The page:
19th Nervous Breakdown

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"19th Nervous Breakdown"
Cover of the 1966 German single
Single by The Rolling Stones
Released 12 February 1966 (US)
5 February 1966 (UK)
Format 7"
Recorded 3-8 December 1965 at RCA Studios, Hollywood
Length 3:56
Songwriter(s) Jagger/Richards
Producer(s) Andrew Loog Oldham
The Rolling Stones UK singles chronology
"Get Off of My Cloud"
"19th Nervous Breakdown"
"Paint It Black"
"Get Off of My Cloud"
"19th Nervous Breakdown"
"Paint It Black"
The Rolling Stones US singles chronology
"As Tears Go By"
(1965) As Tears Go By1965
"19th Nervous Breakdown"
(1966) 19th Nervous Breakdown1966
"Paint It Black"
(1966) Paint It Black1966
Audio sample

"19th Nervous Breakdown" is a song by the English rock band The Rolling Stones. Written by Mick Jagger and Keith Richards,[1] recorded in late 1965 and released as a single in early 1966, it reached number 2 on both the US and UK charts, while topping the NME charts.

Composition and recording[edit]

The song was written during the group's 1965 tour of the United States and recorded at the conclusion of their fourth North American tour during the Aftermath album sessions, between 3 and 8 December 1965 at RCA Recording Studios in Hollywood, California.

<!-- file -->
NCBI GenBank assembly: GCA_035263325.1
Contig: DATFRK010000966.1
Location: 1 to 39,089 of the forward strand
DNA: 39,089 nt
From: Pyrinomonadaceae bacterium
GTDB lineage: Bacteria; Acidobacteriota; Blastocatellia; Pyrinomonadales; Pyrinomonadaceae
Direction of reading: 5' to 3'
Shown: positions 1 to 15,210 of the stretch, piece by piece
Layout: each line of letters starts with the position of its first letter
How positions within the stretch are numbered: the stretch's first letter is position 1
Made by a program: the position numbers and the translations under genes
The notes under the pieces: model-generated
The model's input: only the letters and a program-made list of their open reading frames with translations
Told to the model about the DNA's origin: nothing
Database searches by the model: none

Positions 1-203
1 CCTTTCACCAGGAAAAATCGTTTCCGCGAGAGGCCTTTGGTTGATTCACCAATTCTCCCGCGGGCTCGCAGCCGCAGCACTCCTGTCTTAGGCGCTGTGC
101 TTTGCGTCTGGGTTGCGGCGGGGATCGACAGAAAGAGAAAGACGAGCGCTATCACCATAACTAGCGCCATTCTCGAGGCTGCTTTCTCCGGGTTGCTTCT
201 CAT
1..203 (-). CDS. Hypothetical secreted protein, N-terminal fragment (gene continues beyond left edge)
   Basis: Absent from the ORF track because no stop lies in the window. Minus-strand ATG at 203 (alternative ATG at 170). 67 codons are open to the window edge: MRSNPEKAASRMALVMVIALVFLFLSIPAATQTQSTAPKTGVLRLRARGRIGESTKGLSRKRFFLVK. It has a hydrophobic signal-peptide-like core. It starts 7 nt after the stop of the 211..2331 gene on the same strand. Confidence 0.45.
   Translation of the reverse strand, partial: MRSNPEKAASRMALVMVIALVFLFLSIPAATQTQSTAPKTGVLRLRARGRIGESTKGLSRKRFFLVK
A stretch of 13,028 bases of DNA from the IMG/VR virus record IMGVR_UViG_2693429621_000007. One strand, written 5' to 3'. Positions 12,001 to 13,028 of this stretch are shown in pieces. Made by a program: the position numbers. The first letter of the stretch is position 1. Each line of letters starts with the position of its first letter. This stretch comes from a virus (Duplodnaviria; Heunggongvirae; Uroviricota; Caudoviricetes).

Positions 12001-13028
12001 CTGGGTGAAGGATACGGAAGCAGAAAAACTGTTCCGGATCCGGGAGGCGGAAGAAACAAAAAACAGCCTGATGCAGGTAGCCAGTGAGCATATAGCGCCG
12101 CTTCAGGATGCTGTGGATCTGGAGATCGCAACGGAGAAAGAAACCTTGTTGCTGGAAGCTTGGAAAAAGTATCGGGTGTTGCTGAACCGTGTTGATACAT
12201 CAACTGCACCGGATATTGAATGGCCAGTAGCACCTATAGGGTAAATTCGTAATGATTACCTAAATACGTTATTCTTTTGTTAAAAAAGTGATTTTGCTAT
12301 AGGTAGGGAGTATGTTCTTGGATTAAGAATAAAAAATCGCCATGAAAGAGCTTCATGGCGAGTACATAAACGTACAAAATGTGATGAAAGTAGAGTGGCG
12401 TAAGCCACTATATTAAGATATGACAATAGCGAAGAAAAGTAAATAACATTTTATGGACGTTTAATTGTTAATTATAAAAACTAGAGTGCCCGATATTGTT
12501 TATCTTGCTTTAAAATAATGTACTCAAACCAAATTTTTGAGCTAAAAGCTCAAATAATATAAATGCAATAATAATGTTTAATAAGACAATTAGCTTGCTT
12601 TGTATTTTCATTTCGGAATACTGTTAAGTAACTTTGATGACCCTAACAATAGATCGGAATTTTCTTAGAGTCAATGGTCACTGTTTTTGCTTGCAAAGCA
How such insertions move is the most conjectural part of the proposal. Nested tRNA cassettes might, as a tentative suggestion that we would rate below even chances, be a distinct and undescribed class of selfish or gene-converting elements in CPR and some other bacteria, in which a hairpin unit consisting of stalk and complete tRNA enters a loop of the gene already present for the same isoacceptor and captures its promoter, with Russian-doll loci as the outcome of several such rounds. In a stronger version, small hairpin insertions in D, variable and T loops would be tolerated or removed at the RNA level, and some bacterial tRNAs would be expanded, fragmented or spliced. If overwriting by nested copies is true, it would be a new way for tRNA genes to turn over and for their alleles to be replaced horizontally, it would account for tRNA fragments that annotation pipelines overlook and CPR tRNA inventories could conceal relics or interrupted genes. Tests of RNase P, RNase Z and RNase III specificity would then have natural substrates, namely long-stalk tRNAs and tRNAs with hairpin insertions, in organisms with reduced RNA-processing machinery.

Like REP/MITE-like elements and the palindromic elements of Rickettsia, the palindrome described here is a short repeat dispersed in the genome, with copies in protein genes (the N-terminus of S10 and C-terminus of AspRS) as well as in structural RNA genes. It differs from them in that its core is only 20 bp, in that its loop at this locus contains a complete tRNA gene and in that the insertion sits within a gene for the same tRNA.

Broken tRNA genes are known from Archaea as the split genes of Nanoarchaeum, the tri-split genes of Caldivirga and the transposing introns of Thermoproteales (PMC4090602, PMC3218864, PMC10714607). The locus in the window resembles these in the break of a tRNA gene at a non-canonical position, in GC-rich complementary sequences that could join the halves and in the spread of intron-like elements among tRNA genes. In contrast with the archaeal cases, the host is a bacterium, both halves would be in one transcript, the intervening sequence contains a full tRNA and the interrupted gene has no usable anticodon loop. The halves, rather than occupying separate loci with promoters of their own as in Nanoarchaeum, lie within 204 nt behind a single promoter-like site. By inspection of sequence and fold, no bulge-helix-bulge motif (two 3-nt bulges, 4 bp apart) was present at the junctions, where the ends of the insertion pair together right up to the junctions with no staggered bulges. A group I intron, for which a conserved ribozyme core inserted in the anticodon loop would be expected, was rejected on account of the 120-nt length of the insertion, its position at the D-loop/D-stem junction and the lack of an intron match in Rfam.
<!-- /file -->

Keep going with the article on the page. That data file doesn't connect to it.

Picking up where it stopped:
Jagger came up with the title first and then wrote the lyrics around it. The opening guitar figure is played by Keith Richards while in the verses Brian Jones plays a bass-note figure that derives from "Diddley Daddy" by Bo Diddley, a major influence on the Rolling Stones' style.[2][3] Here the riff is extended into a long blues chord progression behind verbose lyrics similar to those of their previous UK single, "Get Off of My Cloud", and the verse alternates with a bridge theme. The track is also known for Bill Wyman's so-called "dive-bombing" bass line at the end. At almost four minutes' duration, it is long by the standards of the time.

Like many early Rolling Stones recordings, "19th Nervous Breakdown" has been officially released only in mono sound. A stereo mix of the song has turned up in private and bootleg collections.[4] One version of the stereo mix features a radically different vocal from Jagger, who alternates between mellow on the verses and rawer on the chorus.



"19th Nervous Breakdown" was released as a single on 4 February 1966 in the UK and reached No. 2 in the United Kingdom Record Retailer chart. However, it hit No. 1 in the NME chart and the BBC's Pick of the Pops chart, both widely recognised in Britain at the time, and was the fifth best-selling single of 1966 in the UK (achieving greater full-year sales than both Nancy Sinatra's "These Boots Are Made for Walkin'", which had prevented "19th Nervous Breakdown" from reaching No.1 on the Record Retailer chart, and The Rolling Stones' next single release, "Paint It Black", which reached No.1 on the Record Retailer chart for a week at the end of May 1966).[6]